1. The flushing described in the http://www.youtube.com/v/4XQdKfTUbc4 link does not involve a machine, and does not use any chemicals other than new fluid. The http://www.youtube.com/v/MsdPAadc9fY one is similar, but he does discuss the possibility, but not the necessity, of using a cheaper fluid for a week and then repeat the flush with the expensive fluid. I can see that not all fluid would be replaced this way, but I think there would be more replaced than with a drain and fill -- even if the pan were dropped and cleaned, and the filter were replaced. Of course you could do the pan drop thing, and follow that up with the opening of the cooler line.

2. I don't remember anybody posting that their Rav4.3 transmission filter was clogged. It seems like a pretty large filter considering that it does not get hit with combustion products.

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#28 (permalink) Old 12-01-2012, 04:30 AM
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After reading thru these posts i am very suprised to read that someone was told to heat up the new transmission fluid ! in my opinion that is total BS and whoever said that did not know what he was talking about !

After over 40 years working on all types of vehicles thats the first time i have ever heard that said and i was Rolls Royce trained so was trained properly !

I am impressed with the various methods of flushing what i have watched in the U tube vids but as we are aware Toyota Type T4 ATF is what is the only one you should use in some of the rav 4 s and we all know that its a dealer only fluid so its bloody expensive ! so to possibly waste some on the flush well thats your own choice on that but as Toyota do not give any mileage or time to change transmission fluid it comes down to the owner to know when to change the ATF

My way of doing this is when the colour starts to get to dark on the dipstick its time to change.

Preventive maintance is always the best policy and common sense is the right way to go with this .

I would never reccomend using any other type of flush in the Rav auto box because it was made specialy for that type of box to preserve the quality of the seals that are installed .

I do disagree with " pump outs " i have tried this method and after using it a few times in my own opinion does not get all the bottom old contaminated oil out properly , but that was mainly brought in for dealers to save time on doing it right !

I do accept that boxes without a drain plug is always a pain but i would then use the " flush system to change the ATF as the best procedure to use , but that is my own opinion only at least you are sure to get all the crud out that way .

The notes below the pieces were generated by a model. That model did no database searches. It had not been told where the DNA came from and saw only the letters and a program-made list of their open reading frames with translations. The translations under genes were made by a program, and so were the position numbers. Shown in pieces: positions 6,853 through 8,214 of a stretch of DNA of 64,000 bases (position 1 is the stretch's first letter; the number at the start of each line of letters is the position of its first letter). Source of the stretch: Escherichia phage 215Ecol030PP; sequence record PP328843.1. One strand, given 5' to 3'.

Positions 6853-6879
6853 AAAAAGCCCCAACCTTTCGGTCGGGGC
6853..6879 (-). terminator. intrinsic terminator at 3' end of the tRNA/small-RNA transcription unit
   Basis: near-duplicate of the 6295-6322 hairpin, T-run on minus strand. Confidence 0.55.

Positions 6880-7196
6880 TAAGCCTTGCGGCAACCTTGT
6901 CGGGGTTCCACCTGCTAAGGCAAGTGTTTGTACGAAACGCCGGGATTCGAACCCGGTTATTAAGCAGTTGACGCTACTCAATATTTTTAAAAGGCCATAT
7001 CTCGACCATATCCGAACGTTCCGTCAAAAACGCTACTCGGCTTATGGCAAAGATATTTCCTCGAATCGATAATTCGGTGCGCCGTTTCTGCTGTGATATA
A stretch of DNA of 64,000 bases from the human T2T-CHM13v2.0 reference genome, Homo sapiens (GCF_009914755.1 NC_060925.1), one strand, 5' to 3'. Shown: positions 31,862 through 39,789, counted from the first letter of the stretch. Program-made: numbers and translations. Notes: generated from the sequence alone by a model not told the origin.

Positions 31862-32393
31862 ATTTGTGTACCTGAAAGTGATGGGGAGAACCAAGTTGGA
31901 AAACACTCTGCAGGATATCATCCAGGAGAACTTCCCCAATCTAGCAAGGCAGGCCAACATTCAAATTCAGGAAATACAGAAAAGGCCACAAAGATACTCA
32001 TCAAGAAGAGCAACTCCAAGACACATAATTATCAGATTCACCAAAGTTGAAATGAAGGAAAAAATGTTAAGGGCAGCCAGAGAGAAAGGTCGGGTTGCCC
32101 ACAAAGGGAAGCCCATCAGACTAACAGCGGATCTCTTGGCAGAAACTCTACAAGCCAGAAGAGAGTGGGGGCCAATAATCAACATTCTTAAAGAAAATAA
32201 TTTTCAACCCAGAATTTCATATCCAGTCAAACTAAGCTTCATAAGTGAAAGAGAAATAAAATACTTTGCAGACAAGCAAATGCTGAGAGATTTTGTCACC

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#29 (permalink) Old 12-05-2012, 05:19 PM
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smoke and mirrors, dropping the pan is the best, then if you want to spend money, flush the lines using the trans cooler lines. but why? if the trans is done the cooler is holding pieces and that needs to be flushed when replacing transmission. yes wallet flushing is the right term and some of the shop management classes are teaching it for profit. ok why listen to me. because I have 40 years in the business, 30 years owning my own shop, I had a local radio show that I shared with the local Trans shop. do it right drop the pan / change the filter. the service books are all over the place on when. one read something like [not recomended or under heavy load ,dirty conditions, or towing every 12000 miles] say what? my recomedation and the local trans shop is 50000 miles, easy to remember and is preventive but not over done.
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#30 (permalink) Old 12-05-2012, 08:08 PM
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smoke and mirrors, dropping the pan is the best, then if you want to spend money, flush the lines using the trans cooler lines. but why? if the trans is done the cooler is holding pieces and that needs to be flushed when replacing transmission. yes wallet flushing is the right term and some of the shop management classes are teaching it for profit. ok why listen to me. because I have 40 years in the business, 30 years owning my own shop, I had a local radio show that I shared with the local Trans shop. do it right drop the pan / change the filter. the service books are all over the place on when. one read something like [not recomended or under heavy load ,dirty conditions, or towing every 12000 miles] say what? my recomedation and the local trans shop is 50000 miles, easy to remember and is preventive but not over done.
I like every 36K, but that's just me. Otherwise you're spot on.